"I believe in our system. I believe our system is the best devised so far," Thomas J. Heiden '71 told an audience of Cornell Law students on October 18 as he spoke on big-ticket civil litigation. Heiden certainly knows the system well. A partner in the Chicago office of Latham & Watkins, he has tried cases in every region of the United States. He is admitted to practice in the United States Supreme Court; District of Columbia, Sixth and Seventh Circuit Courts of Appeals; and various United States district courts, and is admitted for specific trials in federal and state courts in eleven states. Among the clients Heiden has represented in complex litigation in recent years are the cities of Austin and San Antonio, New England Power, Ford Motor Company, and Westinghouse.
But, Heiden focused his presentation on two recent high profile cases. The first was the 2011 NFL lockout case, in which he represented the NFL Players Association against league owners and won. On the basis of the owners' written communications, Mr. Heiden argued that recurring words and phrases—"weapon"; "war chest"; "deal-breaker"; "freeze out Fox," and others—demonstrated the owners' concerted efforts to strong-arm the television networks for a "war chest" of $4.078B, which they intended to use to finance the lockout. These actions violated the prevailing collective bargaining agreement.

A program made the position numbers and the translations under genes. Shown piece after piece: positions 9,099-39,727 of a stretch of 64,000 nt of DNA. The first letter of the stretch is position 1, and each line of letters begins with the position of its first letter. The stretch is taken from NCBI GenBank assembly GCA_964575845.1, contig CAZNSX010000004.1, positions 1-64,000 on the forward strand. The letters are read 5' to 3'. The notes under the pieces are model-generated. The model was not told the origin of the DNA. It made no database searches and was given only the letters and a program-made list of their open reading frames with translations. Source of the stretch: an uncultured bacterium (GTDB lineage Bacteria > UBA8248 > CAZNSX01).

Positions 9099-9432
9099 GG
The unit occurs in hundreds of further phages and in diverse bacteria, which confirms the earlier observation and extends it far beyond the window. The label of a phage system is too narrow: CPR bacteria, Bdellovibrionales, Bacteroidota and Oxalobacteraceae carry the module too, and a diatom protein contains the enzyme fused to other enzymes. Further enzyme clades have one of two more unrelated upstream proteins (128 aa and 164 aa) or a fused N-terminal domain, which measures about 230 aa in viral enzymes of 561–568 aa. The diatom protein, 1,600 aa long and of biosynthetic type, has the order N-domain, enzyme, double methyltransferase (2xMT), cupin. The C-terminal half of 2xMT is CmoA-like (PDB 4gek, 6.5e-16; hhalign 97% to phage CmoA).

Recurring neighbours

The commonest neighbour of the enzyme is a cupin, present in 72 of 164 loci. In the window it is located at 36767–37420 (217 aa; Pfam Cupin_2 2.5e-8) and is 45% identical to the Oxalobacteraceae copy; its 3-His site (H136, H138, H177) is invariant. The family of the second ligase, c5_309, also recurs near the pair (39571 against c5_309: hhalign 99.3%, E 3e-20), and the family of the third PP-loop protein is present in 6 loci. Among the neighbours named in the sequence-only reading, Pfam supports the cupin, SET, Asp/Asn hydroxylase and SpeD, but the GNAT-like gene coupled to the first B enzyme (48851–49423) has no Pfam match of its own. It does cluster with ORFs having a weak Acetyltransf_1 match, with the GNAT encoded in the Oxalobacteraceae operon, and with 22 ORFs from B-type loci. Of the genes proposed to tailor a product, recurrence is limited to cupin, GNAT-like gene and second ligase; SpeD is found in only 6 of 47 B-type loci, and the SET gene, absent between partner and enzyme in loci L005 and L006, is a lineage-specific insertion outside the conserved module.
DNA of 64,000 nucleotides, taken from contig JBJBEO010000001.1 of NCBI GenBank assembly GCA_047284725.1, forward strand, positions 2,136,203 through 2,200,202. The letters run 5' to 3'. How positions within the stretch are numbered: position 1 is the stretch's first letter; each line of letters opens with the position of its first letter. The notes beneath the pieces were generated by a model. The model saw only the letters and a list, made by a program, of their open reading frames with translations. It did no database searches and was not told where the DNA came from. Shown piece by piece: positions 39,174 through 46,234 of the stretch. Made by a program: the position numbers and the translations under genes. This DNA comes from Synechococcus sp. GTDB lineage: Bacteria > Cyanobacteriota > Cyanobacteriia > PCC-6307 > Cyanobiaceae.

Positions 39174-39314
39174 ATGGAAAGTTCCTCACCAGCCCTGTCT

Heiden isn't Cornell Law's only connection to the dispute: Jim MacFarland,'80, sits on the Player’s Association Executive Committee, and William Buckley Briggs, Adjunct Professor of Law, is vice president of labor arbitration and litigation with the NFL.
Presenting a contrast to this "narrow and expedited trial," Heiden then spoke of the massive body of ongoing cases, more than 400 in various courts, related to the explosion of the BP Deepwater Horizon drilling platform, ensuing 98-day oil spill, and clean-up efforts in the Gulf of Mexico. Heiden's firm is representing one of the defendants, the manufacturer of the dispersants applied to the spill area.
In closing, Heiden, turned from such high-profile cases to his days as a student and novice lawyer scared to open his mouth in court. "I remember the man who told me, 'when you stand up, it's your courtroom,'" he said. "I thought he was high." After standing up in a multitude of courtrooms, Heiden could now tell the aspiring lawyers before him, whom he urged to cherish every professional opportunity entrusted to them, however daunting, "Believe you can do it, because you can do it."